Ed was painting diagonal grids of intersecting parallel brushed bands of color then. A black and red one from that period is in the permanent collection of MOCA and is on view now at MOCA Grand. Ed taught attitude and honesty at UCLA or wherever he taught.

Ed can see and smell chicken shit art made for markets one light year away. Artists who make a career of being an artist make him nauseous. For Ed painting is the reason he gets up in the morning. It is his life and I consider him to be one of the greatest living painters of our time. "Paint has a life of it's own and I like to let it live", Jackson Pollack said. Ed does go through many gallons of paint before letting one live and go out into the world to be seen. Every day he works he has no idea what will occur and does not want to have any preconceived concept. Sure he does select color, viscosity, scale, proportion, method of application but after that it is pure painting that occurs.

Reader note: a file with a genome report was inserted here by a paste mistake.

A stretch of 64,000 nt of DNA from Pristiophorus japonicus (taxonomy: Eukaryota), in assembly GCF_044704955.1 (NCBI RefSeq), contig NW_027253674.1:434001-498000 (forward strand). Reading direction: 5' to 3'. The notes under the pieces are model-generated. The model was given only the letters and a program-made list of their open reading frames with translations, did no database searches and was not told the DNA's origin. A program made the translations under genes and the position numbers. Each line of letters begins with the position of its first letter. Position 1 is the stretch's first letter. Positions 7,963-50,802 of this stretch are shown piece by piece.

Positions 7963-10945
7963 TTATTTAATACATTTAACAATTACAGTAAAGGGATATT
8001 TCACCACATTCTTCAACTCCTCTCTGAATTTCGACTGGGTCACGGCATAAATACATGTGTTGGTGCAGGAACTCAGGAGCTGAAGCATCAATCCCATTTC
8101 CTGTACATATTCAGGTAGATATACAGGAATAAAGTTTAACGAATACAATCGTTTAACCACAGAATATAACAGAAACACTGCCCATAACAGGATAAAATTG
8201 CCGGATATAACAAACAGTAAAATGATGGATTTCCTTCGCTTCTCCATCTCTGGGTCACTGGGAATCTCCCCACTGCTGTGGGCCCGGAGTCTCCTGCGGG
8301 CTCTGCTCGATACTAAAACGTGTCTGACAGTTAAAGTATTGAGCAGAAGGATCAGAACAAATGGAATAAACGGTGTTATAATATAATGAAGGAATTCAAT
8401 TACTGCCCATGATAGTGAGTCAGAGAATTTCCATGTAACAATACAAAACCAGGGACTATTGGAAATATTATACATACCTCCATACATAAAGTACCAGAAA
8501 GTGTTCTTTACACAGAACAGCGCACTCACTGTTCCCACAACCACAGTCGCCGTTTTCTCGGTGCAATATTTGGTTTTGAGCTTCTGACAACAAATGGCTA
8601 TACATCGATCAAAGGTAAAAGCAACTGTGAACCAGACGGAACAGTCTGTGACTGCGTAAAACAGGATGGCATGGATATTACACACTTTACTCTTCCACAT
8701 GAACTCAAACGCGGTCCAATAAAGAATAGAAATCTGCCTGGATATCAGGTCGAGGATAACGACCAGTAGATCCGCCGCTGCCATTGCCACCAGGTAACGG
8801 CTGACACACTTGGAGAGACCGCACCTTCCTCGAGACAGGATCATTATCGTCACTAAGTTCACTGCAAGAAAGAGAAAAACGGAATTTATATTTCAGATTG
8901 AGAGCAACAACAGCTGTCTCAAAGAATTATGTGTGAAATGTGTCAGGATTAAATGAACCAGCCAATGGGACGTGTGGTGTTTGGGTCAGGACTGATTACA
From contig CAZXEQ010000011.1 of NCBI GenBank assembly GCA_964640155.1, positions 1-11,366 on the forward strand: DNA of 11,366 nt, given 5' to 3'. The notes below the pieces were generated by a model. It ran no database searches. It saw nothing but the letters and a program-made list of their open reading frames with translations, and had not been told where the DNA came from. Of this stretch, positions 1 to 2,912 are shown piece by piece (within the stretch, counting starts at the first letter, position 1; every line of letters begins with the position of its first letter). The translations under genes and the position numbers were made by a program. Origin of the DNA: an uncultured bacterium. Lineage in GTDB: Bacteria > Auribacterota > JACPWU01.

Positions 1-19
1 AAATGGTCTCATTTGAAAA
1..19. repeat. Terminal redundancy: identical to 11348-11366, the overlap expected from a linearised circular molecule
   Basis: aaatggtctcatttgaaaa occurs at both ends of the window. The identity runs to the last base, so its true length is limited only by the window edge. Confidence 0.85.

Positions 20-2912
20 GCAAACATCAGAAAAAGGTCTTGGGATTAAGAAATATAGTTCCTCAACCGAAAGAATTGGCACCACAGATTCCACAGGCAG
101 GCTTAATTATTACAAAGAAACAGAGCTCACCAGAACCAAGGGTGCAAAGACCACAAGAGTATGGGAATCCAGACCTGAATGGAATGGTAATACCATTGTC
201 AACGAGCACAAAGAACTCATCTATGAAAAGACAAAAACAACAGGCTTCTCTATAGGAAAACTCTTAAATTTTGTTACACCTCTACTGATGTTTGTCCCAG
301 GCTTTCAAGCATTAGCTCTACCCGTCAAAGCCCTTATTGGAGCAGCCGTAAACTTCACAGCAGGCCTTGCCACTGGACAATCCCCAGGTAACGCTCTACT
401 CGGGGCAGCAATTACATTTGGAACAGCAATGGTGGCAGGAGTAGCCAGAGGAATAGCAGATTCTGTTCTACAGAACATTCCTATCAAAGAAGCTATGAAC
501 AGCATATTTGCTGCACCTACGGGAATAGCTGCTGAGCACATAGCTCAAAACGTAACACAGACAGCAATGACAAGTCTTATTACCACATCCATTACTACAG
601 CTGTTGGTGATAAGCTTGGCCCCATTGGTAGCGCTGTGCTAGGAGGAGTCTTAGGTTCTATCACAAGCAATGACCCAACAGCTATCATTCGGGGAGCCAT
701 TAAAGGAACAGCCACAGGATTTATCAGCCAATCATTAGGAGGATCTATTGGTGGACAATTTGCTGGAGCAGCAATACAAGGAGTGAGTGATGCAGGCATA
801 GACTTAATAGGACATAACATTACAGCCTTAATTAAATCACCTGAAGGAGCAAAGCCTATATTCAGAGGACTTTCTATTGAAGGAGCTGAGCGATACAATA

The monumental paintings of Fan K'uan, abstract paintings of Ellsworth Kelly and Agnes Martin and Morris Louis are other examples of work that are staggering for their apparent effortless execution. Ed lived near these last two giants of abstraction in NYC,

The discoveries and the journey are what remain most important to this wise and courageous non objective process painter. His honesty, love of painting and sincere appreciation of beauty has left the history of art a body of work that will continue to stand the test of time.

Ed will never repeat himself for authenticity does not allow chicken shit to exist in his studio or in his life.